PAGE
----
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Easy (2003)

Cast: Marguerite Moreau, Marguerite Moreau, Brian O'Byrne, more...
Director: Jane Weinstock, Jane Weinstock
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Rating:
Studio: Universal Studios
Genre: Romantic Comedy, Coming of Age
Running Time: 97 min.
Languages: English
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Synopsis
American independent filmmaker Jane Weinstock makes her feature debut with the romantic comedy Easy, shot on digital video. Marguerite Moreau plays Jamie, a single gal living in Los Angeles who makes a living by giving creative names to consumer products. Although she's adept at catching men for her own pleasure, she decides to give up sex for 90 days. The decision is supported by her stoner friend, Martin (D.B. Woodside), and her married sister, Laura (Emily Deschanel). However, some handsome fellows -- poet John (Naveen Andrews) and talk show host Mick (Brian F. O'Byrne) -- cause her to rethink her plan. Easy was shown at the 2003 Toronto Film Festival. ~ Andrea LeVasseur, All Movie Guide

GreenCine Member Reviews

Not as "Easy" as it Looks by talltale March 6, 2005 - 7:59 AM PST
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1 out of 1 members found this review helpful
Writer/director Jane Weinstock is clearly trying for something special in her film EASY. She's assembled a crack cast, including the always terrific Caroline Goodall and theatre's Brian O'Bryne. Marguerite Moreau makes a sweet and pretty heroine; there's even a wonderful cameo from Roxanne Hart, and the talented Naveen Andrews, Emily Deschanel and John Rothman are on hand, as well.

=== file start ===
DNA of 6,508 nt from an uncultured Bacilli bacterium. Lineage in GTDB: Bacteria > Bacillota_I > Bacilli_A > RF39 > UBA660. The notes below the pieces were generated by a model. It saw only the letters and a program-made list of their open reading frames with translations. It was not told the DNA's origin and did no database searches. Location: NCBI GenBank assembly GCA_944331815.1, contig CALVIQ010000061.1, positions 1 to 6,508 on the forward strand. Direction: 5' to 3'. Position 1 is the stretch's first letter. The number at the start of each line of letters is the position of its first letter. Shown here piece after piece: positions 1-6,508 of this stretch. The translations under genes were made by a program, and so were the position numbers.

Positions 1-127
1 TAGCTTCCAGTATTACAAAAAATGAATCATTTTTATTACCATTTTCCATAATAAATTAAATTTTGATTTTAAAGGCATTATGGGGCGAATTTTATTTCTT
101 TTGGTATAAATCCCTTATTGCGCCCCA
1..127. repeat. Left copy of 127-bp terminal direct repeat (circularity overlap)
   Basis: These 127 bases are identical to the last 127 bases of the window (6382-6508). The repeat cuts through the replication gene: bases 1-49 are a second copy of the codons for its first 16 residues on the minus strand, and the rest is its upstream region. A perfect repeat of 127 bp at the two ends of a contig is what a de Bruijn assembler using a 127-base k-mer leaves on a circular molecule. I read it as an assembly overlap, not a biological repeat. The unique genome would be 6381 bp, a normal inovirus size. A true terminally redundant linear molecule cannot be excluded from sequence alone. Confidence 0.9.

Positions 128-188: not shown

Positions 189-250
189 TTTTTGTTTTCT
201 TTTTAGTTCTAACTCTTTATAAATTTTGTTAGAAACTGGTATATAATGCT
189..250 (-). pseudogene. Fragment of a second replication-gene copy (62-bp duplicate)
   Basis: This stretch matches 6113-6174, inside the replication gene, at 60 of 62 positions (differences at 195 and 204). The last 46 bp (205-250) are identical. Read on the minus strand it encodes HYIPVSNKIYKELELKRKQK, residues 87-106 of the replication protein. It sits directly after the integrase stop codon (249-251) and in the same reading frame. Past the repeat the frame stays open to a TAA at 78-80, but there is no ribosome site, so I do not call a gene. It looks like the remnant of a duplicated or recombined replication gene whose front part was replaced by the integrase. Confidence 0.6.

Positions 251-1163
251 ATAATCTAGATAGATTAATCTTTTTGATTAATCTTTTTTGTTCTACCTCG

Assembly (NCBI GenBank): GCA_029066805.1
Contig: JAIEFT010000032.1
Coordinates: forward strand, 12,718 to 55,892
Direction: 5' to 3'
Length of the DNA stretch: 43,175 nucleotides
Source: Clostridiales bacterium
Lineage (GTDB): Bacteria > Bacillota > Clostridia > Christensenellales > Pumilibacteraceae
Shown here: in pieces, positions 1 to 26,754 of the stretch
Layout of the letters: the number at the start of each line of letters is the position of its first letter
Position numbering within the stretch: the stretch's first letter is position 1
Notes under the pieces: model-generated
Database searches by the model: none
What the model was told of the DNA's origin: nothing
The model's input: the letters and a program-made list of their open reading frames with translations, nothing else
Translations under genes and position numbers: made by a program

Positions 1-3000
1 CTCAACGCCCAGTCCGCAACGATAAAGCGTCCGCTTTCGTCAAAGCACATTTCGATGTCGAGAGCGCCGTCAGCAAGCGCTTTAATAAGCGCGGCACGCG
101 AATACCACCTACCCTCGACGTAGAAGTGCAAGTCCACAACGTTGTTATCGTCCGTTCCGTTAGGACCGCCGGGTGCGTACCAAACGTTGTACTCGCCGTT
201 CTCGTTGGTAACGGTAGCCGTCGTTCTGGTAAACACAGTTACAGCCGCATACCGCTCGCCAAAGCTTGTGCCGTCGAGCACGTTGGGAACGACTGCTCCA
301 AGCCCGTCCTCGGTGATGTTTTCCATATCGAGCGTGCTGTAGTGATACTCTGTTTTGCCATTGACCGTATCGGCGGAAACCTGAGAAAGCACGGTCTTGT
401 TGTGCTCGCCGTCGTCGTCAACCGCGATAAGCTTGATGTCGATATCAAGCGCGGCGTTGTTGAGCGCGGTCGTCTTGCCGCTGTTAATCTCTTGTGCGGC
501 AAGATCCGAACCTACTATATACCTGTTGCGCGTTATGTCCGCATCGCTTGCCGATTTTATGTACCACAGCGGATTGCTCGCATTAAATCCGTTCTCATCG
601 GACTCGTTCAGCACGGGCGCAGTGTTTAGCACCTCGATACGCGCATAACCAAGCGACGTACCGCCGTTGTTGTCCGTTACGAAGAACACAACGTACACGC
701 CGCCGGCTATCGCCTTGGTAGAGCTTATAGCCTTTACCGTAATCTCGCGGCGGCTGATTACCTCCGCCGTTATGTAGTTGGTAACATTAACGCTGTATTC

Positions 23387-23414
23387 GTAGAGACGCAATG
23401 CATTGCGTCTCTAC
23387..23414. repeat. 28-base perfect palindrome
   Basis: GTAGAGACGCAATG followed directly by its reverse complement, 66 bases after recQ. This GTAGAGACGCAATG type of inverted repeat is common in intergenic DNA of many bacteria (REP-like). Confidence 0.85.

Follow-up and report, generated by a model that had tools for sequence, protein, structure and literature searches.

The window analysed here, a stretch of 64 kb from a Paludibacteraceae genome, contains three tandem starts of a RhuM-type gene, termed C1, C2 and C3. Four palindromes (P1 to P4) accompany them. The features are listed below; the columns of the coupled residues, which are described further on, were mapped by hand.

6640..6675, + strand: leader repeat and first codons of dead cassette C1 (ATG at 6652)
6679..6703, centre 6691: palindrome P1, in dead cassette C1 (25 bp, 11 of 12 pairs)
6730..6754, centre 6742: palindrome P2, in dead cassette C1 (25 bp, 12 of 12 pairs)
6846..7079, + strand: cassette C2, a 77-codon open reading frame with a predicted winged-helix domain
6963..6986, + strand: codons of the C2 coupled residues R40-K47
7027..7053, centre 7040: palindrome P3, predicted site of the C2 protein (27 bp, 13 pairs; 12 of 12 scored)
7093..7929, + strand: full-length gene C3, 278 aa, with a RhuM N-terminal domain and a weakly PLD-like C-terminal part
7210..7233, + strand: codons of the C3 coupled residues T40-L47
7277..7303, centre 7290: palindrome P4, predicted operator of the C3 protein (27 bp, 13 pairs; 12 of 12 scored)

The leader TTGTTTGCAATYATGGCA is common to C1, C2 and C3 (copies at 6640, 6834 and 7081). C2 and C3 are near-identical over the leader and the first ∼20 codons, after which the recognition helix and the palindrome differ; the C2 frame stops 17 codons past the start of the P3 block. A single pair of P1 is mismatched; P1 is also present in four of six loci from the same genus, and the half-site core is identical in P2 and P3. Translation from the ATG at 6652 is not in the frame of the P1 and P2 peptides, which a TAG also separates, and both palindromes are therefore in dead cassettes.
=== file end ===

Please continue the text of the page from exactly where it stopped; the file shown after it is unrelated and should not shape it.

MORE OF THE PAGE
While the subject--the young woman who's made a lot of wrong choices romantically--is fairly standard, Weinstock's handling of this initially appears to have promise. I think she want to go deeper sexually (there's quite a "real" and lengthy sex scene that trails over interestingly into the next morning) and to hold a mirror up to our all-over-the-place connections--familial and sexual--of modern life.

Although Weinstock bring a nice, offbeat charm to much of the dialog, she isn't able, finally, to hold her mirror steady or reflect something very real. There is a shallowness to all of the characters that makes them work as lightweight romantic comedy figures but not as people who demand or deserve our caring. And Weinstock's "there's a cover for every pot" ending only adds to this sense of generic, feel-good moviemaking.

The undemanding may find "Easy" better than usual, but start thinking at all seriously about it, and it disintegrates. I'd give the film a rating of seven--maybe eight--for its attempt, but a max of five for the realization. If you're looking for a movie that achieves more success in similar territory, try "Seeing Other People."




GreenCine Member Rating
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(Average 6.33)
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